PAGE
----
I just returned from a week's vacation at Yellowstone and Grand Teton National Parks. If you have never been there, I highly recommend a visit. These are just some of the pictures I took.
This is Old Faithful Geyser at dawn. It isn't erupting at the moment, but the ever-present steam is drifting with the wind. Old Faithful erupts approximately every 92 minutes and is quite spectacular with the shooting water and the whooshing sounds.
This is an eruption; the stream can go as high as 180 ft, although this one was not that high. Still pretty cool to watch.
This is the site of another geyser - Grand - which is the tallest predictable geyser in the world. It goes 200 feet in the air and often erupts simultaneously with 2 other geysers in the same area. It erupts about once every 13 hours, but there is plus or minus 90 minutes for each predition. We sat on the benches waiting for 2 hours during the window of 5:30 to 8:30pm. Most of my group left but I stuck it out until 9pm, by which time it was way too dark to take any pictures. And it was getting quite cold, so I left. Grand finally went off at 9:15pm.
I took this picture of the sunset while waiting for Grand.
This is my husband and grandson walking on the boardwalk. Aren't they cute?
These are the Lower Falls of the Yellowstone River.
This is the Grand Prismatic Spring, the largest spring in the Park. These colors are not exaggerated - they are truly this spectacular. The temperature range of this water is between 147 and 188 degrees Farenheit and the different temperatures determine which algae and bacteria are present.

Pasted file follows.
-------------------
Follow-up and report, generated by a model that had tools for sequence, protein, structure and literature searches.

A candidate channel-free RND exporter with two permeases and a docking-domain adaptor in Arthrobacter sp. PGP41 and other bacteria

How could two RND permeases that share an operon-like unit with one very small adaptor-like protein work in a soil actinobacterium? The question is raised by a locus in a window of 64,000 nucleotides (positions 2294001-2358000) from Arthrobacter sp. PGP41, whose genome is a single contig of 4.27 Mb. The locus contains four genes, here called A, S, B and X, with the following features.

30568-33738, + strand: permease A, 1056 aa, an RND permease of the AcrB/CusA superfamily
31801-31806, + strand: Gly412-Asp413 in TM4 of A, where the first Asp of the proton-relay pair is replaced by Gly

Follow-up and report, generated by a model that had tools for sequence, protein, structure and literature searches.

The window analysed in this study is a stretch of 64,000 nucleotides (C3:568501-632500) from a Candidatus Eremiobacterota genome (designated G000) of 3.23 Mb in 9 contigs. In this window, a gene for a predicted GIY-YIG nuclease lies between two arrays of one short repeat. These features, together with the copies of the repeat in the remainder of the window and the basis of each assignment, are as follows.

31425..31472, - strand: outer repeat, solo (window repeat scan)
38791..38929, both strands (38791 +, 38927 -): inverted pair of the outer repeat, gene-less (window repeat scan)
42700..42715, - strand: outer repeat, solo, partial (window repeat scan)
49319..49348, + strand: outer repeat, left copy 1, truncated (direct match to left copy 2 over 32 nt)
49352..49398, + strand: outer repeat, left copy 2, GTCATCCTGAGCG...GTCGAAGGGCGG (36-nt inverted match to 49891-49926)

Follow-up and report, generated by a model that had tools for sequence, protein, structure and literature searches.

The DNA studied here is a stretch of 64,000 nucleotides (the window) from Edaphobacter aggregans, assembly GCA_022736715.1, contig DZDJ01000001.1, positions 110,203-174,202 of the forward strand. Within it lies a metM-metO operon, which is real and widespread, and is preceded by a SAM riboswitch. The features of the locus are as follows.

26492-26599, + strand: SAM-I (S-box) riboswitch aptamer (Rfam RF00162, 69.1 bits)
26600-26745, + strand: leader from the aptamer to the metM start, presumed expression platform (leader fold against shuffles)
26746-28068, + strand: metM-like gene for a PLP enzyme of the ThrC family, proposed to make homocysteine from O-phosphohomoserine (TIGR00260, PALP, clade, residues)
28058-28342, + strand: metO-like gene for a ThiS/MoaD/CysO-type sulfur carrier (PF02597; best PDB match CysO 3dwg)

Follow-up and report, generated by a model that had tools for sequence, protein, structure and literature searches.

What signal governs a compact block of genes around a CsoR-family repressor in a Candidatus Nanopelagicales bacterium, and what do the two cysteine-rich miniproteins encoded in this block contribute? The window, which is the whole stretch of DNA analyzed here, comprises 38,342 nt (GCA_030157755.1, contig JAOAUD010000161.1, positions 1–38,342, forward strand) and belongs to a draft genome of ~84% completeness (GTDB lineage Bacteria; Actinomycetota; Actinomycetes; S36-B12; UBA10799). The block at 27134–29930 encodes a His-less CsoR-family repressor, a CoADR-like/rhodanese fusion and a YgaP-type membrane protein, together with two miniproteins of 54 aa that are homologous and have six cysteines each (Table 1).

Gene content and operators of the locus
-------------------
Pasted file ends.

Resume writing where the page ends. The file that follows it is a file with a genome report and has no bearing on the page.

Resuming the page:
I think this one is Morning Glory Pool, but I'm not certain.
One day we take a drive through Hayden Valley, where herds of bison can be found. The thing about bison is that they are not intimidated by anything and they're just like house pets in that they always want to be on the other side of where ever they are now. If there is a road, it must be crossed. Traffic has no option but to stop and let them cross. Of course, everybody is eager to see bison, so stopping is not a problem.
This is my husband and son, and they're not as close as it looks. It's not a good idea to approach the wildlife, even though they are quite accustomed to the presence of humans.
I think that bison were designed by the same committee that designed African wildebeests. And they make a most unattractive bleeting grunting sound that only another bison would find alluring.
Elk are also frequently seen in the park. This is a 12 point buck who happened to be grazing alongside the road. I stood sort of behind a small tree and took pictures. He suddenly stopped grazing and began to walk towards me. The tree no longer seemed to be much protection and I very slowly and quietly backed away. At this time of year the bucks are not aggressive, but in another month during mating season, being this close would be very dangerous to my health and well being.
Outside the west gate entrance of the park is the town of West Yellowstone, and in this town is the Grizzly and Wolf Discovery Center. This place is a research center that rescues grizzlies and wolves and also provides opportunities for the public to see them up close, but not too close. As part of the research, the GWDC also is a testing facility. In order to keep bears and humans separate, it is important that bears not be able to get to human food. Garbage cans must be made sturdy enough to ensure that bears cannot get to the contents. Businesses that make such garbage cans test them with the grizzlies. The cans are filled with enticing food and the bears have the chance to work on them. Any can that lasts 90 minutes with the bears passes the test. This one didn't make it.
Next installment: Grand Teton National Park.